Another commenter asked the Board to clarify that a BHC could reduce the covered transaction amount for an affiliate share transfer by making a cash contribution to the transferee bank in the amount of the liabilities of the transferred company. The Board agrees that an affiliate share transfer would not be a covered transaction if, in addition to receiving the affiliate shares, the transferee member bank received a cash contribution equal to the amount of the liabilities of the transferred company. In this situation, the member bank should not be deemed to have “purchased” the assets of the transferred company.

The Board notes that a member bank that proposes to purchase assets from an affiliate as part of an internal corporate reorganization of a banking organization (including in a transaction that is treated as a purchase of assets under section 223.31 of the rule) may qualify for a regulatory or case-by-case exemption from section 23A. Section 223.41(d) of the final rule sets forth a general regulatory exemption for these covered transactions, and part VII.C. of this preamble discusses both the general regulatory exemption and the Board's practice of granting case-by-case exemptions for these covered transactions. In addition, section 223.31(d) of the final rule, which is discussed in the following section of the preamble, provides an exemption for certain step transactions that are treated as asset purchases under section 223.31(a) of the rule.

2. Step Transaction Exemption (§ 223.31(d-e))

The proposed regulation also contained a regulatory exemption for certain merger and acquisition transactions that result in the transfer of an affiliate to a member bank. Section 223.31(d) of the proposed rule provided an exemption from the requirements of section 23A (other than the safety and soundness requirement) for transactions in which, for example, a BHC acquires the stock of an unaffiliated company and, immediately after consummation of the acquisition, transfers the shares of the acquired company to the holding company's subsidiary member bank. Although these transactions technically would be treated as an asset purchase by a member bank from an affiliate—and the member bank would be required to value the covered transaction at the total amount of the liabilities of the acquired company (plus any separate consideration paid by the bank for the company)—the Board believed that it would be inappropriate to require a member bank to count these transactions toward its section 23A quantitative limits. If the member bank had acquired the target company directly, there would have been no covered transaction, and the mere fact that the bank's holding company owned the target company for a moment in time does not change the fundamental nature of the transaction.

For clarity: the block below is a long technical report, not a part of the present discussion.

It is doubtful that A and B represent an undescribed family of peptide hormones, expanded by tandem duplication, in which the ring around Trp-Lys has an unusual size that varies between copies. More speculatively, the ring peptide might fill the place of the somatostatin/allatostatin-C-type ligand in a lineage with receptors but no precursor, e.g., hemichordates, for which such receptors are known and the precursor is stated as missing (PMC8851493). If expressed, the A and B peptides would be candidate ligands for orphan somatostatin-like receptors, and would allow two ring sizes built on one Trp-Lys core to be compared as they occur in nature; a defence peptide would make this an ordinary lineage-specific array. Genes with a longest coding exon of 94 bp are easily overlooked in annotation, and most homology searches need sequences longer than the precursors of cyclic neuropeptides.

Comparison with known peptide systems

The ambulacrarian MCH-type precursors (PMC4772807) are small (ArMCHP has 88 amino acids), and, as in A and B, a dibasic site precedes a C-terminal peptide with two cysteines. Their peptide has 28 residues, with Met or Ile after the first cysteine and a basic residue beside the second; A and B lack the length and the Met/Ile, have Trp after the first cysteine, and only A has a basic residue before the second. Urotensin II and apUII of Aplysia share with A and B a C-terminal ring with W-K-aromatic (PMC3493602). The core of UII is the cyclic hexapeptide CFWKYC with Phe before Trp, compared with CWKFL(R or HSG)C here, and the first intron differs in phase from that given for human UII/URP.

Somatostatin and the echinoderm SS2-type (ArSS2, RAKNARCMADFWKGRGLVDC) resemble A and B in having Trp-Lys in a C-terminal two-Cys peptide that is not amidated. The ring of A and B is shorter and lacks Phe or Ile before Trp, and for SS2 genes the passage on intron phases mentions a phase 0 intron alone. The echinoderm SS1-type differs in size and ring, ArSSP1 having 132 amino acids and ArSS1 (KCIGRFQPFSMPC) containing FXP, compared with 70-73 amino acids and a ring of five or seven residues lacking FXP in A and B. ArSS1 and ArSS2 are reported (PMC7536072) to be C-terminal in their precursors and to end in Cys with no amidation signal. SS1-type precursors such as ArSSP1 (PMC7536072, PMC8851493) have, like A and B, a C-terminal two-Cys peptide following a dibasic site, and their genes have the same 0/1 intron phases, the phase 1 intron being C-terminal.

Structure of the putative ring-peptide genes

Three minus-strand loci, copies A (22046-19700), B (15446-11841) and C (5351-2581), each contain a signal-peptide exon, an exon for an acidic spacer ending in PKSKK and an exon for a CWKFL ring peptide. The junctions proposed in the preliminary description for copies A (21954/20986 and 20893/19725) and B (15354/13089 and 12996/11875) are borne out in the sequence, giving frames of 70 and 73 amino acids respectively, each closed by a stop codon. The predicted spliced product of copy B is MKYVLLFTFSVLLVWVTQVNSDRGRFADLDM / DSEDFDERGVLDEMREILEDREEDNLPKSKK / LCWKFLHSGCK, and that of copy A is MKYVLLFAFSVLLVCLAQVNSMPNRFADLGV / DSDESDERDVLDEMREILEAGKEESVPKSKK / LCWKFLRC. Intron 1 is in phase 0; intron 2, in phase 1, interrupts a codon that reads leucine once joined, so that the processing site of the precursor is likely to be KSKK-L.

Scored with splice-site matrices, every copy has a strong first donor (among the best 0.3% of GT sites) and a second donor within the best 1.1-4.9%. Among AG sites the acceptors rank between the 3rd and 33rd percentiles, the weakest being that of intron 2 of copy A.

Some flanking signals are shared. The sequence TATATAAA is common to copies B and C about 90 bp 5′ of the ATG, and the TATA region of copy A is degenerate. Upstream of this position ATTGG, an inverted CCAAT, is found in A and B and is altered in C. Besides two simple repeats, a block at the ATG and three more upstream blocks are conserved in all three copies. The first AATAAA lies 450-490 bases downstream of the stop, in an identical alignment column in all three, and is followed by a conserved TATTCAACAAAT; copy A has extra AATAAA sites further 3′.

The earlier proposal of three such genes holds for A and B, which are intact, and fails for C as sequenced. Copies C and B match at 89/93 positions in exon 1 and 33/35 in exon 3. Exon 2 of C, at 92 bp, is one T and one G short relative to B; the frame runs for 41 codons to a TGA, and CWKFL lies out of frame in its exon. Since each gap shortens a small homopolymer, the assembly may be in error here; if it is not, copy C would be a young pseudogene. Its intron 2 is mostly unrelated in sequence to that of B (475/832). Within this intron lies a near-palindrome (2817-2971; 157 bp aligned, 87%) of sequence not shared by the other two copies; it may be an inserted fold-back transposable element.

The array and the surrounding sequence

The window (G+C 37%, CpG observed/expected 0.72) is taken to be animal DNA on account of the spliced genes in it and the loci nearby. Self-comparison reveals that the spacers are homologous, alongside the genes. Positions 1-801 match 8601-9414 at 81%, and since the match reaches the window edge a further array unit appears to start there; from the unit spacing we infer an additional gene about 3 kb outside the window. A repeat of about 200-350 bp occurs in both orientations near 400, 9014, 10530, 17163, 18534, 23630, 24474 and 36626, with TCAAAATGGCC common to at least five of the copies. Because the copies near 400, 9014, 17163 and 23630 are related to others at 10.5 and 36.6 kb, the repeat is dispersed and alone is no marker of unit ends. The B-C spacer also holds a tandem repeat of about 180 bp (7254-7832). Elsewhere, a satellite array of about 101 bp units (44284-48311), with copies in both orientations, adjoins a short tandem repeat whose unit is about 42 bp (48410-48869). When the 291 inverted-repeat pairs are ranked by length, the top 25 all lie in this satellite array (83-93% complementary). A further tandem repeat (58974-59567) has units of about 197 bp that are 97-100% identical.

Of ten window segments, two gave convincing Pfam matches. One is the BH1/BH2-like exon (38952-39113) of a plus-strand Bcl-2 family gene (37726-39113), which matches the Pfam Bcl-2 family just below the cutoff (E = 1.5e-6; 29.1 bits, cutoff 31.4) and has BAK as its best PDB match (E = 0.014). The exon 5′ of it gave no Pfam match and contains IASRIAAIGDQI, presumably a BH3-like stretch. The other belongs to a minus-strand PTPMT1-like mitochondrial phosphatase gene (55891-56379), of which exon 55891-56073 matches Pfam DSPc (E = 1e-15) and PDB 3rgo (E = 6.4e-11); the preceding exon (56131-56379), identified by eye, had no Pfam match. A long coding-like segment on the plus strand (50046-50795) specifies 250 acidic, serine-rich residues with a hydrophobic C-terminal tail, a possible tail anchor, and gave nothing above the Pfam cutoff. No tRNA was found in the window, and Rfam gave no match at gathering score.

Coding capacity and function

Consequently, the proposed regulation exempted these “step” transactions under certain conditions. First, the member bank had to acquire the target company immediately after the company became an affiliate (by being acquired by the bank's holding company, for example). Second, the member bank had to acquire the entire ownership position in the target company that its holding company acquired. Finally, the entire transaction had to comply with the market terms requirement of section 23B.

Many commenters objected to the immediate transfer requirement, mostly on the basis that a BHC may want to hold the target company at the holding company level for some time for tax, business line integration, or regulatory approval reasons. Some commenters advised that the immediate transfer requirement could be replaced with a requirement that the target company be acquired by the BHC “in contemplation of” being put under the bank. Other commenters recommended that the immediate transfer requirement be replaced with a 3-month, 6-month, or 1-year requirement.

As noted in the preamble to the proposed rule, to the extent that the member bank acquires the target company some time after the company becomes an affiliate, the transaction looks less like a single transaction in which the bank acquires the target company and more like two separate transactions, the latter of which involves the bank acquiring assets from an affiliate. Nevertheless, in order to provide banking organizations with a reasonable amount of time to address legal, tax, and business issues relating to an acquisition, the Board has decided to permit member banks to avail themselves of the step transaction exemption if they acquire the target company within three months after the target company becomes an affiliate (so long as the appropriate Federal banking agency for the bank has approved the longer time period). To protect the transferee member bank from a decline in the financial condition or asset quality of the target company during the time that the acquired company is an affiliate of the bank, the final rule adds two conditions to the applicability of the step transaction exemption. First, a member bank must notify its appropriate Federal banking agency and the Board, at or before the time that the target company becomes an affiliate of the bank, of its intent ultimately to acquire the target company. Second, there must be no material change in the business or financial condition of the target company during the time between when the company becomes an affiliate of the member bank and the bank's receipt of the company.